On June 28, 1575, in central Honshu, Japan, warlord Nobunaga Oda led a force of 38,000 Oda and Tokugawa clan troops to break Katsuyori Takeda’s siege of Nagashino Castle, defended by Tokugawa warrior Sadamasa Okudaira. With his tactics Oda changed the face of Japanese warfare.
Head of the Takeda clan, known for its mounted samurai and fierce cavalry charges, Takeda had besieged the castle with 15,000 troops, one-third of whom were cavalrymen. The rest were lower-ranking foot soldiers (ashigaru), mostly armed with long spears, though some bore crude matchlock guns. (Portuguese traders had introduced firearms to Japan a few decades earlier.) Of the 38,000 men Oda fielded, about 3,000 were ashigaru armed with matchlocks.
When a scout alerted Takeda to the approaching relief force, his generals counseled the warlord to either withdraw or launch one last all-out attack on the castle. Were such an attack successful, they argued, the Takeda troops could then meet the larger relief force from behind the castle walls. Takeda instead sided with his younger generals, who urged him to meet Oda in open battle.
Oda, who had endured Takeda cavalry charges in the past, positioned his men across a plain from the castle, just behind the Rengogawa, a stream whose high banks would break up a cavalry charge. He also ordered construction of a wooden palisade, behind which he placed his matchlock gunners, given their vulnerability during long loading times. By dividing them into ranks, Oda ensured a steady volume of fire. He placed the 3,000 gunners under disciplined samurai officers—a revolutionary command decision, as high-ranking samurai seldom interacted with the lowly ashigaru. He also ordered gaps left in the palisade through which to mount counterattacks.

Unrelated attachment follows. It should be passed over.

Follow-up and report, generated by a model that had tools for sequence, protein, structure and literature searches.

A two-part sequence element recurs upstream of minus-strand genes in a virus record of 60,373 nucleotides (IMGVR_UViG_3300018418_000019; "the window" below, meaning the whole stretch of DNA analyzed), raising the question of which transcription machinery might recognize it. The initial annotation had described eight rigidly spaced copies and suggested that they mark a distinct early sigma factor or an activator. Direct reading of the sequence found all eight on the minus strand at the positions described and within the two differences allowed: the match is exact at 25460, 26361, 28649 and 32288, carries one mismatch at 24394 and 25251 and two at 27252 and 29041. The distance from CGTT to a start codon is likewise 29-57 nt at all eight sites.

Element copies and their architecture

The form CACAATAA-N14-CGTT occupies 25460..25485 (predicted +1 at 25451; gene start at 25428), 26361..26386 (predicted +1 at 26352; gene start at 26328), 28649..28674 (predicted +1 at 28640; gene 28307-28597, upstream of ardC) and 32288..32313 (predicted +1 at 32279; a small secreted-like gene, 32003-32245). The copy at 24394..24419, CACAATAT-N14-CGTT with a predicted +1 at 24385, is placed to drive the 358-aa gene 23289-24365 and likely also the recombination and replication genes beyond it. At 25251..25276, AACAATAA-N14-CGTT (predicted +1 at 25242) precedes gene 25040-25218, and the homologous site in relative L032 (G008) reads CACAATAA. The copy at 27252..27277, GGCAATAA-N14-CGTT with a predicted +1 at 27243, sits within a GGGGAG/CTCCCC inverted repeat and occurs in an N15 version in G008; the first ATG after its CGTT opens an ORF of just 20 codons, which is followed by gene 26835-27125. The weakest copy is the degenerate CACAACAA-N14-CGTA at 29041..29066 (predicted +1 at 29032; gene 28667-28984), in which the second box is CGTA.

Takeda sent 12,000 of his 15,000-man force to face Oda’s force, retaining the remaining 3,000 to keep the castle garrison from sallying out in relief.
Believing an overnight rain had rendered Oda’s guns ineffective, Takeda quickly launched the anticipated cavalry charge. Restrained by their samurai officers, Oda’s matchlock gunners—who had kept their powder dry—held their fire as the Takeda cavalry charged across the plain. When the horsemen closed within 150 feet and slowed to cross the Rengogawa, Oda’s gunners fired in ranks, one shooting for every two reloading. His spearmen stabbed through the loose palisade at any enemy cavalry that made it past the initial volleys. Finally, Oda’s samurai fought man to man with any surviving Takeda warriors who penetrated the line. Concentrated forces at the ends of the palisade prevented any flanking.
The battle settled into an eight-hour grind before the Takeda force broke and fled with Oda’s men in pursuit. When it was over, Takeda had lost 10,000 men—fully one-third of the force he’d brought to the field.
Oda’s defeat of the formidable Takeda cavalry marked a sea change in Japanese warfare, in which rivals eschewed traditional cavalry matchups and melee infantry charges in favor of disciplined combat with firearms discharged from behind cover. MH
Overconfidence kills. Had Katsuyori Takeda heeded his experienced generals and withdrawn before the far larger enemy force, his army would have lived to fight another day.
Never assume—verify. Takeda had assumed rain had fouled Nobunaga Oda’s matchlocks—with disastrous results.
It’s not so much what you use as how you use it. Both sides had matchlock firearms, but Oda’s innovative use of a palisade and reliance on disciplined samurai officers made the difference.